Skift Take

The only thing we don't like about these contests is that by the time they finally make it to the marketplace they've been watered down to a better cup holder in Business Class.

What will those crazy kids think of next?

Airbus persistently asks just that, soliciting students from around the world to submit ideas that can help make commercial air travel more efficient and sustainable someday.

The contest, which is held every other year, attracts a mix of students from engineering, business, finance, and the arts. The 2013 winning idea, from a team at the University of São Paulo, Brazil, proposed a baggage system that would more efficiently load and unload aircraft cargo holds with an air cushion akin to the technology of an air hockey table.

Five teams are headed to Airbus’s engineering headquarters in Hamburg on Wednesday, each to be given 25 minutes to present its proposal before a jury of six experts in engineering and innovation, including two Airbus executives. The winning group will receive 30,000 euros (a little more than $33,000) to continue research into the idea; the second-place team will get half that amount. The teams retain the legal rights to their ideas.

The 2015 contest, Airbus’s fourth, involved 518 teams with 3,700 students from 104 countries before it was winnowed to the five finalists. They are:

Good Vibrations: Delft University of Technology, Netherlands

Airplane wings are dressed in a composite skin that harvests energy from natural vibrations or flex in the wings. Piezoelectric fibers gather electrical charges from the smallest movements during flight, storing the energy generated in battery panels integrated in the fuselage and using it to power auxiliary in-flight systems, such as lighting and entertainment. This reduces the plane’s energy footprint and might even be able to replace the entire power source for ground operations.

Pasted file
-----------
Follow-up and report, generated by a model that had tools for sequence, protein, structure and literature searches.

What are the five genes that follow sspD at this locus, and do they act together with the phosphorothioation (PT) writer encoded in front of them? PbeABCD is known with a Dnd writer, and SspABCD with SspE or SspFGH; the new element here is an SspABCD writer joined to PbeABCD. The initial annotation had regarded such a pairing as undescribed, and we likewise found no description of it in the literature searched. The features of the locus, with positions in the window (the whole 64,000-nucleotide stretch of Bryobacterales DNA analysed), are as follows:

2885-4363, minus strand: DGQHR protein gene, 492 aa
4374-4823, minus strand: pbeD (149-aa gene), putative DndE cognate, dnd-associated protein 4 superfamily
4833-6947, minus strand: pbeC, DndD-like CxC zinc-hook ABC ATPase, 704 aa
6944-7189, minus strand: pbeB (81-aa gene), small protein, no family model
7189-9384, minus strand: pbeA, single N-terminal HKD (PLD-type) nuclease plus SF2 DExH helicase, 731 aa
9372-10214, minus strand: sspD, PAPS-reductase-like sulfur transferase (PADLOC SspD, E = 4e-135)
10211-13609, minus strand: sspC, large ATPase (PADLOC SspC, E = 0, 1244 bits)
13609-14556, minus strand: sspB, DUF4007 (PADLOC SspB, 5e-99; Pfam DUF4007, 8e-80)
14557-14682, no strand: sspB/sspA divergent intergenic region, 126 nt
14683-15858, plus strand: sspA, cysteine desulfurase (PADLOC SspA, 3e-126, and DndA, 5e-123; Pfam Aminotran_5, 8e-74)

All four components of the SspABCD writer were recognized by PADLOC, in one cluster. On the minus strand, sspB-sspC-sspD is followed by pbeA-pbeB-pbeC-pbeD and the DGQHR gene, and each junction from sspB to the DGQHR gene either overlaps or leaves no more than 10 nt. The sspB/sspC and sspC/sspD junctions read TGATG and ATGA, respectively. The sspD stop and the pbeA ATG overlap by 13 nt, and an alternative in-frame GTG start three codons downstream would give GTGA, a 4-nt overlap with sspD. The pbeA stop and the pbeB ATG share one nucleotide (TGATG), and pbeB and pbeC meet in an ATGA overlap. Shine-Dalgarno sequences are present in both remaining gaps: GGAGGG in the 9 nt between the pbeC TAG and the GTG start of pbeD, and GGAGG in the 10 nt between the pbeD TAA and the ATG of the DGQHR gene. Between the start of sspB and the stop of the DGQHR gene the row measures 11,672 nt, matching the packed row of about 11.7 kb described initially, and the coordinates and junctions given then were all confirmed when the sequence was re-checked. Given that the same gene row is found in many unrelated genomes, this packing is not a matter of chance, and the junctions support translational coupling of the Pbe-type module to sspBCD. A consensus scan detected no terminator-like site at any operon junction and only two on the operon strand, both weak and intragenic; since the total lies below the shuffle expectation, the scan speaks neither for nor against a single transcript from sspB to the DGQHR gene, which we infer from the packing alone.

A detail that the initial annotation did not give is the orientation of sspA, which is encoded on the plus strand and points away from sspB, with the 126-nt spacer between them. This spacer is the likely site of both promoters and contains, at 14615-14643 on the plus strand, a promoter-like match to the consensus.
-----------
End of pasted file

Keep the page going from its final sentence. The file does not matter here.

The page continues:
Drones Are for the Birds: University of Tokyo, Japan

A flock of unmanned aerial vehicles (psst: drones) guides birds away from airports. The drones use tactics of separation, alignment, and cohesion to manipulate flocks and divert them to a nearby area called Birdport, where birdsong and decoys create a natural and safe habitat. This might have been useful to Capt. Chesley Sullenberger in 2009, so he wouldn’t have had to set his Airbus down in New York’s Hudson River after it lost both engines thanks to a gaggle of geese they sucked in. Can’t count on a Sully in every cockpit.

After You: Northwestern Polytechnical University, China

This proposal applies motion-sensing technology from a gaming console to an aircraft guidance system for use when taxiing. The model uses infrared and visual information to warn the pilot and ground crew of high-risk obstacles. The aim is to reduce the turnaround time of aircraft between flights and the cost of damage, and save airlines millions of dollars a year.

Trolley Trash: University of São Paulo, Brazil

The team’s trolley is designed to intelligently sort rubbish and recycling by compacting foils, paper, and plastic and draining off the residual fluid to reduce weight by up to 30 kilograms. That cuts fuel consumption and offers more galley space for refreshments.

Brilliant Induction: City University London, UK

In-ground tarmac transmitters beneath the aircraft transfer electrical power inductively to a receiver placed between the nose wheels. This provides a sustainable energy source to power ground operations, reducing carbon emissions by half. This proposal is also the first Airbus has gotten from an all-female team.

This article was written by Braulio Amado and Justin Bachman from Bloomberg and was legally licensed through the NewsCred publisher network.

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Tags: amenities, in-flight

Photo credit: Visualization of an anti-bird drone array. Airbus

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